El artista y la modelo (The Artist and the Model) (2013)
Summer of 1943. In an occupied France, not far away from the Spanish border, a famous old sculptor who is tired of life and wars finds the desire to work on his last masterpiece when a beautiful young Spanish girl comes knocking after escaping a refugee camp in the South of France.
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Critic Reviews for El artista y la modelo (The Artist and the Model)
This film has its own nature, almost its own reality. The sudden finish almost seems meant to make it our responsibility to comprehend the whole.
That old arthouse chestnut, about the restorative power of naked young women, gets another outing in this pretty but superficial musing on the creative process.
The film's insights about beauty are ... superficial. They amount to such commonplace observations as the fact that no two leaves are alike.
"The Artist and the Model" is a contemplative ode to creativity and imagination.
It is about inspiration and beauty, of course - and Folch, as a vagabond who escaped from a Spanish refugee camp, is certainly inspiring and beautiful.
Partly about the importance of fresh observation, the film has little new to say about life, inspiration or art.
Shot in stately black and white, as if overeager to mitigate any hint of prurience.
For anyone who has actually created something -- or been frustrated by their inability to do so -- Fernando Trueba's film stands to offer a dose of quiet resonance.
While these ruminations on life, death, art and suchlike don't necessarily say anything original, they're nonetheless uttered eloquently ...
What The Artist and the Model does boast are generous performances and the odd flash of inspiration.
A whimsical black-and-white meditation upon the nature of art, set in rural southern France during the second world war.
Folch, without a stitch on most of the time, holds her own against these screen titans, and the luminous black-and-white cinematography helps conjure a fable-like air.
The film takes time to get going. There is reward eventually, though: in Rochefort's plain but noble-nosed suffering, in some acute dialogue about the pains and paradoxes of art creation.
Beautifully shot in black and white The Artist And The Model offers a mature, touching reflection on the eternal bonds between art and life.
In the absence of much dramatic heft, its complacent beauty soon wears off; set it against Rivette's La Belle Noiseuse, a far more rigorous interrogation of this dynamic, and it's but a lightly shimmering afterthought.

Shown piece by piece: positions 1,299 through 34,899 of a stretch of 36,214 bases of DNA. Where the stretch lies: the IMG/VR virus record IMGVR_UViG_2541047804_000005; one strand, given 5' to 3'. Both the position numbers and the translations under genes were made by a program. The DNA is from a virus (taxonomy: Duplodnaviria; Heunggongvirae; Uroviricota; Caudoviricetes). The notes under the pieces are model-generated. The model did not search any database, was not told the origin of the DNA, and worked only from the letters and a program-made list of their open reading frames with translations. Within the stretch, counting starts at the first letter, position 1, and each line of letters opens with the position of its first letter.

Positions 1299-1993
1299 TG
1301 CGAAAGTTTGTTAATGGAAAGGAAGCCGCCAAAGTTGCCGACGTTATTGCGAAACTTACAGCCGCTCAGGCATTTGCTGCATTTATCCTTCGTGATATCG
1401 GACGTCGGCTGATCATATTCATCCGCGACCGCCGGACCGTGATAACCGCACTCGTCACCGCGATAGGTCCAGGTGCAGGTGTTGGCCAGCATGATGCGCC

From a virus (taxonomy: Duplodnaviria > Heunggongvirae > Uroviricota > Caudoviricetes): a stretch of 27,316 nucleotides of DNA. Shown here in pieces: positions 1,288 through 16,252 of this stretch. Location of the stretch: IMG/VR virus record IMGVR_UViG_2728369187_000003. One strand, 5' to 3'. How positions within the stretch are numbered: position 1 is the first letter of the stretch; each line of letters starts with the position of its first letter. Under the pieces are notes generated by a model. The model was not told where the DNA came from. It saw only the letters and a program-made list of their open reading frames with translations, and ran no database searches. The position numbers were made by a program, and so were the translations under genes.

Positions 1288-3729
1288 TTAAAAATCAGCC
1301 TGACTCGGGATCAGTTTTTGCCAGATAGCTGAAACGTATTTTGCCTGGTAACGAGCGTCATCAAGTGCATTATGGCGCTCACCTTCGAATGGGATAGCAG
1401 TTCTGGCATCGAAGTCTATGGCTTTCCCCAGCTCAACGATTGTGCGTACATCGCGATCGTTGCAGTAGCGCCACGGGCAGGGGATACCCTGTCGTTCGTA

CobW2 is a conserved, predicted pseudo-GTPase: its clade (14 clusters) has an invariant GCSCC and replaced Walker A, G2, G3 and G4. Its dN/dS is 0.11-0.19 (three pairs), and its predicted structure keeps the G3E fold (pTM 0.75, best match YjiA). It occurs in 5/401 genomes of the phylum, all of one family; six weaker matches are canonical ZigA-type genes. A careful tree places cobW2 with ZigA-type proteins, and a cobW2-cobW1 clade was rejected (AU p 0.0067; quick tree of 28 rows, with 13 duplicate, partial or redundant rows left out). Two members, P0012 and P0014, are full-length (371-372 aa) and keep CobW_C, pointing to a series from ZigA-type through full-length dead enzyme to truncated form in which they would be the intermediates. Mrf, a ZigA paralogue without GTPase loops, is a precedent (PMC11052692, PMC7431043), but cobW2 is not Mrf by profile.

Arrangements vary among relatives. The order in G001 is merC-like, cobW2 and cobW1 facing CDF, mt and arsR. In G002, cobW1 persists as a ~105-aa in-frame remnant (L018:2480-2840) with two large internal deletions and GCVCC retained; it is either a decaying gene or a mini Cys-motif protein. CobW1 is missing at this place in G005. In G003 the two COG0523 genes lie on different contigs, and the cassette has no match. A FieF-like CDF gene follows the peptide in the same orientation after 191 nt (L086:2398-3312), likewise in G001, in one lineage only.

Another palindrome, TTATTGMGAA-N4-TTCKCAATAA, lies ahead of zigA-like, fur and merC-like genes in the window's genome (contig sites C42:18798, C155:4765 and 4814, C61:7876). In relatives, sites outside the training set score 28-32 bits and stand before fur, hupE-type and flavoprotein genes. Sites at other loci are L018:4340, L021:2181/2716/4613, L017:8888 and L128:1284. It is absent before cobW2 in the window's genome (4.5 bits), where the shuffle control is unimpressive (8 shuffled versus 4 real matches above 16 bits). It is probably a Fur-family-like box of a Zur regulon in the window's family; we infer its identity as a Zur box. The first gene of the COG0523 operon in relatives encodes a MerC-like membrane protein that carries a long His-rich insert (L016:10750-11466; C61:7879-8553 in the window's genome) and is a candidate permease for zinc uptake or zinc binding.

Oscar winning Spaniard Fernando Trueba ponders the relationship between artist and muse, and in glistening black and white.
Following Renoir and Summer in February, The Artist and the Model explores the relationship between an artist and their nude model, though this is by far the most accomplished and touching of the lot.
The story has meaty concerns - the artist's quest for inspiration, the place of art in a world at war - but its leisurely pace too often feels like padding.
Shot in magisterial black-and-white, veteran director Trueba's drama is a welcome return from the Belle Epoque man.
Audience Reviews for El artista y la modelo (The Artist and the Model)
"The Artist and the Model" starts with Lea(Claudia Cardinale) noticing Merce(Aida Folch) sleeping in a doorway in occupied France. It turns out that Merce is a refugee from Franco's Spain, having spent some time in a camp. Sensing an opportunity, Lea offers Merce room, board and a little money in exchange for posing nude for her husband Marc(Jean Rochefort), a sculptor, which she accepts. Lea is right that Merce is the right physical type for her husband's artwork, even though Merce wish nobody else would stop by.
As far as diversions go, "The Artist and the Model" is a perfectly respectable and pleasant one, filmed in black and white with a few old school dissolves to boot. While it may seem strange for such a story to be set during World War II, just remember that wars are not always fought without a break. And I like Marc's original take on the biblical creation of men and women, as this is not the first time a Garden of Eden analogy could be applied to nude posing.(As somebody else once pointed out, "Sirens" would be the other movie.) At first, the camera respects Merce's initial reticence at posing before she becomes much more comfortable, eschewing a fig leaf, and even sleeping in the buff.
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